Paris When It Sizzles


Paris When It Sizzles

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Total Count: 8


Audience Score

User Ratings: 7,851
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Movie Info

Set in the City of Light, this comedy centers on the attempts of a screenwriter (William Holden) who tries to convince his secretary (Audrey Hepburn), with whom he has fallen in love, that he will better be able to write about romance if he can act out his new scenes with her.

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Critic Reviews for Paris When It Sizzles

All Critics (8) | Top Critics (1)

Audience Reviews for Paris When It Sizzles

  • May 30, 2017
    I had to make sure that my 1000th review was special, and what's more special than a romantic comedy starring Audrey Hepburn and set in the most romantic city in the world, Paris? Well, Paris When it Sizzles isn't the most Hepburn film, nor is it probably her best film set in Paris, but it represents everything that I love about her short lived career, dreamy, innocent, and always fun. More along the lines of a classic spoof than a true romantic comedy, Paris When it Sizzles is a valiant effort in trying to comment on Hollywood filmmaking and all of the frustrating tropes most movies use. I guess in some ways it's like taking Deadpool's style of 4th wall breaking humor, just without all of the blood, violence, and language. It's that innocence and fantastical nature of Paris When it Sizzles that is really appealing, even if all of the jokes and gags don't necessarily hold up. Considering this film was essentially forced upon Audrey Hepburn and William Holden because of a clause in their contracts, it's no wonder that the story feels all over the place. Perhaps adding to the dreamy feel, Gabrielle and Richard fall in love with each other while writing a Hollywood script, and spend the majority of the film acting out scenes from their script which mirrors just how obscure the plot can get. Nowhere near as moving or magical as last year's La La Land, but it certainly captures the essence of how everyone wishes they could fall in love. For that alone, I appreciate Paris When it Sizzles for its carelessness and almost charming irreverence it goes about telling its story. I think where the movie fails is that every time you feel like you're getting invested in Gabrielle and Richard's romance, the movie thrusts back into the adventures of Gaby and Rick on the streets of Paris. Obviously the stories should feel one and the same, but I actually found myself more invested in what was going on in the writer's room (apartment) than I did when the two are spooking their various films of their careers. Even with a plot that wanders like no other and a script that feels like a bunch of sketches thrown together, it's hard not to get behind what Holden and Hepburn are doing here. Especially when you find out how in love Holden was with her at the time, it adds another layer to their relationship on screen. Plus, it's hard to go wrong with anything Audrey Hepburn does, right? I knew it was a good idea to make this my 1000th review. +1000 +Another dreamy and fantastical romance +Spoof of sorts -Get lost in the fake characters 7.0/10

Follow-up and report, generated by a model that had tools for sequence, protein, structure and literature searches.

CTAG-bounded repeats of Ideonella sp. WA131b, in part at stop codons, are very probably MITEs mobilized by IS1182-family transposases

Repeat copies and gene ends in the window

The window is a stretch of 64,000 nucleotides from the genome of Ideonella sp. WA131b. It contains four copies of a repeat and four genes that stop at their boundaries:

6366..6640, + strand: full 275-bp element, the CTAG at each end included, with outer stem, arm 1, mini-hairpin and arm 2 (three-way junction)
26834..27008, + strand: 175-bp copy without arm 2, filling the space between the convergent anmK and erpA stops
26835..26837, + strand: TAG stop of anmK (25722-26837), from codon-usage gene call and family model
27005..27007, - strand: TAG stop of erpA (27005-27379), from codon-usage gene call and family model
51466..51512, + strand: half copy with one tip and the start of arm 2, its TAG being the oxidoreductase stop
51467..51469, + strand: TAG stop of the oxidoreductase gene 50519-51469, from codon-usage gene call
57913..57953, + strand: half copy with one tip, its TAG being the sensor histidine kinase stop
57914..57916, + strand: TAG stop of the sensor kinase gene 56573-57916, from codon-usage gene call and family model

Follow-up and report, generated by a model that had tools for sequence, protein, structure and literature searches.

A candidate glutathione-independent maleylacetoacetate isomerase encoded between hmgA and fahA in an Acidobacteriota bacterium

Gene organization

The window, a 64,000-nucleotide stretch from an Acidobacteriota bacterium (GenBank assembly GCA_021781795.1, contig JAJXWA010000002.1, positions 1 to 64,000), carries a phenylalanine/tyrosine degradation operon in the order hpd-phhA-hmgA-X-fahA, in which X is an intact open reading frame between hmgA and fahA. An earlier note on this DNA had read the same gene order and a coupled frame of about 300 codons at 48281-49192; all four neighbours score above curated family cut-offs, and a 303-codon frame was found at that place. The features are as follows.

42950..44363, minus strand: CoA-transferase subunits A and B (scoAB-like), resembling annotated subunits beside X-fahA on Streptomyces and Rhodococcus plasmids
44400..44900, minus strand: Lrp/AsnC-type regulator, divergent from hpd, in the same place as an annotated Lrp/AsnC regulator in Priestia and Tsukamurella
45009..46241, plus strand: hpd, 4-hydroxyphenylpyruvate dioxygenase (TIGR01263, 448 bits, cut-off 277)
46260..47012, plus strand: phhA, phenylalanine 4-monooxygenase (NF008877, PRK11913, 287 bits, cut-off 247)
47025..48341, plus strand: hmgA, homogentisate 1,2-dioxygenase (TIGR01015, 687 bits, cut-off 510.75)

Thomas D Super Reviewer
  • Feb 08, 2011